This is a great little book from 1986, that I found recently in a charity (goodwill) shop. The advice comes from an old school British journalist, and there’s some lovely social history in it, particularly in relation to gender:
“Once only groups of men were found drinking in pubs. Women only went in with a husband or boyfriend. Some bars were for men only. Now young women are becoming pub regulars” (p. 19)
Oh Keith, didn’t we just?
I was 15 in 1986, and had just started drinking in earnest. My mum went to the pub every day (as often as her own mum went to church) and she started taking me with her from about 14 or so. We’d get me a pint of lemonade and a pint of lager both, so I could pretend to drink the lemonade when the landlord came through. We were always in the snug, with the darts. By 15 I’d had my first blackout (Pernod, say no more). By 17 I was blacking out most weekends. I started trying to stop 20 years later and in these terms, I got (t)here just now.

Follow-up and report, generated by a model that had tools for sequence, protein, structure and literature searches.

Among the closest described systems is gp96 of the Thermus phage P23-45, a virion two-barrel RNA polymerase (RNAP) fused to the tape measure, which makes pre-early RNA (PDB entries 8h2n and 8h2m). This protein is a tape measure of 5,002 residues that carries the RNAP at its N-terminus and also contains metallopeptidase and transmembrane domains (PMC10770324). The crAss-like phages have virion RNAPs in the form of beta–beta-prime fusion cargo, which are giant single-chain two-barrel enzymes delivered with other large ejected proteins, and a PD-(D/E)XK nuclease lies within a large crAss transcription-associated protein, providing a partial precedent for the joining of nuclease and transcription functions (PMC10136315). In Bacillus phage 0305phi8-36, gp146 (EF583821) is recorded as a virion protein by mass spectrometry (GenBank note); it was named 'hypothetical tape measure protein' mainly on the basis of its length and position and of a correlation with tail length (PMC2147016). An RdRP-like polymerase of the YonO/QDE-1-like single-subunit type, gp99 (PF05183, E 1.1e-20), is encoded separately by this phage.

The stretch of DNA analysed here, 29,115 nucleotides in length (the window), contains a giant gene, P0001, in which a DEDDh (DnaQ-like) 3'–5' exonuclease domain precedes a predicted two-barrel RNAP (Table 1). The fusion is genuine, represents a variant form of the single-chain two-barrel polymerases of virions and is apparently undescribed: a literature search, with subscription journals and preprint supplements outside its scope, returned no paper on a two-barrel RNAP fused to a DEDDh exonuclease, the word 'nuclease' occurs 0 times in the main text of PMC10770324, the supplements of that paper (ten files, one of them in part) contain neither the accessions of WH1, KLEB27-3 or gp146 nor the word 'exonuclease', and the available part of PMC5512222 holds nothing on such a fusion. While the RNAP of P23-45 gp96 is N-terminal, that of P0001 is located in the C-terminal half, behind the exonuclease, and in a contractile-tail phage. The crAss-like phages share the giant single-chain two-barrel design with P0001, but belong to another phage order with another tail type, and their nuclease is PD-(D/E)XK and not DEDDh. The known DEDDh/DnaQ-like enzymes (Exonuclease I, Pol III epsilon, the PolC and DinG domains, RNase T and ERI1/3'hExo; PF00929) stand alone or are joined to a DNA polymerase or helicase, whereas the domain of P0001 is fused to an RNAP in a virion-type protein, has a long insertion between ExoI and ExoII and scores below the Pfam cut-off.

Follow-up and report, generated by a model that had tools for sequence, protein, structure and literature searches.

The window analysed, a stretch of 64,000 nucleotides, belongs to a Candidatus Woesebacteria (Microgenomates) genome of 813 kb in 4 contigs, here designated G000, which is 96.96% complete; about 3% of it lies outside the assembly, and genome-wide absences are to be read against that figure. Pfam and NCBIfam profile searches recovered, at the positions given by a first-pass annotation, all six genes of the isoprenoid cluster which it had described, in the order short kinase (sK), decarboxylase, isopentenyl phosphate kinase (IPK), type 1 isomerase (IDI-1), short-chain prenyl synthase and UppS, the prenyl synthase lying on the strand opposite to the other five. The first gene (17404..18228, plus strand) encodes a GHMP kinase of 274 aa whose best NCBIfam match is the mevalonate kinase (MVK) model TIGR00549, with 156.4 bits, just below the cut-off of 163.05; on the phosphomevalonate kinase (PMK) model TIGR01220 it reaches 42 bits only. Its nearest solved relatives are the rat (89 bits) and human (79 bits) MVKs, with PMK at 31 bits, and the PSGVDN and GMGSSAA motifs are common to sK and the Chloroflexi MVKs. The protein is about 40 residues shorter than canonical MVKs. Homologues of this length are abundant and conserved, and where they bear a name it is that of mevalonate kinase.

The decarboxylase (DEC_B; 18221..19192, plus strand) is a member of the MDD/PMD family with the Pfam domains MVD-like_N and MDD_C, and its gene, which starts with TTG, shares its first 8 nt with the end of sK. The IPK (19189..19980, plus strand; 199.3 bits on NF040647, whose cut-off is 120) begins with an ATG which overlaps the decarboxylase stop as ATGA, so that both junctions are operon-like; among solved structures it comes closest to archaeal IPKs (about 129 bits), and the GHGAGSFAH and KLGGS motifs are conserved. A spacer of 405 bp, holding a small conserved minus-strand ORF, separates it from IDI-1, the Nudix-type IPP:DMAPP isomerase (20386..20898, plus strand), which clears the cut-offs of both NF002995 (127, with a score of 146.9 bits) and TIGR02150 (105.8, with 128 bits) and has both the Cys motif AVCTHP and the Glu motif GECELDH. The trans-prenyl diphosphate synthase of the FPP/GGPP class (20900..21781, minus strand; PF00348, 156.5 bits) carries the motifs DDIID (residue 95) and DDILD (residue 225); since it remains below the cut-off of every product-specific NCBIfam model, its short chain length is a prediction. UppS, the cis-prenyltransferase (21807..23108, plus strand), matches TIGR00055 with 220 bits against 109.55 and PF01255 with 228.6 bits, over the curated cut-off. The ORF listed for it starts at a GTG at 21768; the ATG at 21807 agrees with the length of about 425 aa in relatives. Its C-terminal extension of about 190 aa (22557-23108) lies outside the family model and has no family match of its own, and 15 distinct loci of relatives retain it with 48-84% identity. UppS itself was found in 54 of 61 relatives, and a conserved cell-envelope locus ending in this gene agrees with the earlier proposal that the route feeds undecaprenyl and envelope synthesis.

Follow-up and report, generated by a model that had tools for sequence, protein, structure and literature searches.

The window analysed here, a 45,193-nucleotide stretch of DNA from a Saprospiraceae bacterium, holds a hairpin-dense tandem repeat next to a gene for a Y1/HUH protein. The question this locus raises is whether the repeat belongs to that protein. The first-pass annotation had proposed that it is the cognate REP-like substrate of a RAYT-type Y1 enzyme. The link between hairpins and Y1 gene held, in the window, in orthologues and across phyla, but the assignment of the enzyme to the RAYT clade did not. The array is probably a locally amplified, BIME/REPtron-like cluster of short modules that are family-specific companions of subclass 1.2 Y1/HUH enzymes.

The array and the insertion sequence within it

Well, despite the time warp, this is still a clever little book full of great advice.
How not to give up
Look in the Mirror
Drinking at Home
Talk about it
Getting help from others
The Ten Commandments of Not Drinking
It ends with a section on mocktails.
The more things change, the more they stay the same – I think a large amount of material in here is very similar to what we talk about all the time in the blogs. It’s a lovely book from a very sensible and committed ‘high bottom’.
I love little documentary windows into the past like these. It’s fascinating to track similarities and changes in society as it exists through time.
The author’s blurb at the back of this book says he ‘had encountered at first hand the problems of being teetotal in a world constantly pressurizing people to drink’ which certainly is my experience in the UK today.
Hopefully we can keep changing things so that it is different for the non-drinkers of the future.
(Post script: there are quite a few ex librio copies on Amazon http://www.amazon.co.uk/gp/aw/d/0859695158)